Is Travel Therapy Right for You?
Written by Yonas Tekeste, PT, DPT 5/5/23
Do you feel like you are stuck in a monotonous routine of treating patients day in and day out? Are you struggling to pay off student loans and living paycheck to paycheck? Are you yearning for adventure and the chance to explore new places? If so, then travel therapy may be the answer to your prayers. In this article, we will share the pros and cons of travel therapy, who would do well with this lifestyle, and who would not. Aspiring travel physical therapists, occupational therapists, speech language pathologists, and assistants this is the ultimate guide for you to embark on a journey of self-discovery.

Yonas Tekeste is a travel physical therapist from Chicago, IL. He has worked in nearly every setting as a traveler and has traveled to many cool places while on assignment. He has created, Rate My Therapy Company, a community of 9,000+ therapists to rate and review facilities and improve transparency. He recommends all therapists to check the Facebook community before accepting a job. Read below to see if travel therapy is right for you!

Pros of Travel Therapy
1. Explore New Places: One of the most significant advantages of travel therapy is the opportunity to explore new cities and cultures. You can immerse yourself in different communities, learn new cultures, and make lifelong memories. Every assignment presents a unique experience to broaden your horizons. My most unique contract was in the US Virgin Islands on the island of St. Thomas. I truly enjoyed my outpatient four ten-hour work week schedule and would go to amazing beaches nearby on my day offs.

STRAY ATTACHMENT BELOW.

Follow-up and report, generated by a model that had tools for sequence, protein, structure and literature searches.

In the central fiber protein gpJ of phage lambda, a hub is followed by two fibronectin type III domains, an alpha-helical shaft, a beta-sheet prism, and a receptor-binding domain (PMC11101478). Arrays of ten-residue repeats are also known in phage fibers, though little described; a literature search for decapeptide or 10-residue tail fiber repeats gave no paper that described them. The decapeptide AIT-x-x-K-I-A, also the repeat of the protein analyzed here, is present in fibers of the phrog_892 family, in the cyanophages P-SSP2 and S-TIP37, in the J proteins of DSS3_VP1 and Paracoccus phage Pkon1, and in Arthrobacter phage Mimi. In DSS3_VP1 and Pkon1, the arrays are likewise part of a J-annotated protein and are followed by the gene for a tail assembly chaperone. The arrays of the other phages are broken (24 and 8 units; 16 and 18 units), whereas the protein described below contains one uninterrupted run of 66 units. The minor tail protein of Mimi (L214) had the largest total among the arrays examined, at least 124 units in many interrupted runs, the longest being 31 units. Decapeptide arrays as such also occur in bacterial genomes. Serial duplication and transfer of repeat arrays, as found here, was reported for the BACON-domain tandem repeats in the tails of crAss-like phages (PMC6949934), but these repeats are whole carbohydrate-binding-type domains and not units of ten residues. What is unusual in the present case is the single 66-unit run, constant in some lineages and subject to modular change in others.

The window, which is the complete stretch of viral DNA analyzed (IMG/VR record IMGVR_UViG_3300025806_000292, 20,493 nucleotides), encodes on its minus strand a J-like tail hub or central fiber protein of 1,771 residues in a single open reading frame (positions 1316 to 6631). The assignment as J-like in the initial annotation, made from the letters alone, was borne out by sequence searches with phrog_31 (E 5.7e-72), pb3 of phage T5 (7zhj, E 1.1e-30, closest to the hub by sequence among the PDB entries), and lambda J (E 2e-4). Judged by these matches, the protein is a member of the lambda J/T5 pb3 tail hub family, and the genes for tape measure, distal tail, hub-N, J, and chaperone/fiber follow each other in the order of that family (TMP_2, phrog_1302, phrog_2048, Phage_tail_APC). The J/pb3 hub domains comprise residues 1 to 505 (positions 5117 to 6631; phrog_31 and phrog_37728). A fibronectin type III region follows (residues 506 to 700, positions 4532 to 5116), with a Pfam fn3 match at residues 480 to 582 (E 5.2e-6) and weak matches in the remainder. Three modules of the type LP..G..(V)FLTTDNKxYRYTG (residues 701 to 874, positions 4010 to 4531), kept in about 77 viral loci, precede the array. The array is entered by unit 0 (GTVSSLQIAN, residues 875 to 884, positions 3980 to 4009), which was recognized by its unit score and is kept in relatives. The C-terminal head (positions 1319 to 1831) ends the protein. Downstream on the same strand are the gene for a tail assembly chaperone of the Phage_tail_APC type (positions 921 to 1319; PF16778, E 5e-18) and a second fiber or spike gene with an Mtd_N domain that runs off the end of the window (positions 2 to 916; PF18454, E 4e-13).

2. Higher Pay and Benefits: Travel therapists are in high demand, and they are often offered more competitive pay packages making it a financially viable option for those who want to save up while exploring new places. I have made 2x more money on average on travel assignments than what my first new graduate permanent job offered as a physical therapist. My first travel contract was the lowest paid one at 1500 after tax weekly. My highest paid travel contract paid 2700 net after tax weekly. However, with OT I have made 4k net weekly at times. It is not uncommon to make 2,000+ weekly net for a travel contract. The increase in pay has allowed me the opportunity to invest in real estate and invest in other businesses all while paying off my student loans. This would not have been possible from the income of my first permanent job.

3. Professional Growth: Working in different settings and with diverse populations can enhance your professional skills and expand your knowledge. You will face new challenges that will help you become a more well-rounded and adaptable therapist. I have worked in many settings on my travel contracts to include Acute care, ICU, SNF, ALF, Home Health, and outpatient. I have learned something different with each travel contract that has made me a better therapist.

4. Flexibility and Autonomy: Travel therapy provides a level of flexibility and autonomy that is rare in traditional therapy jobs. You can choose the locations, assignments, and schedules that suit your preferences and needs. Initially when starting out I would rarely take breaks however now I always try to end an assignment with some sort of trip. I recently ended a travel contract and went on a trip to the Dominican Republic with a group of friends. I did not have to request paid time off since it was the end of my contract. I am able to start a new contract whenever I want and, on my time, not an employer’s time. If you desire to take a 2-month trip to Europe after an assignment you can.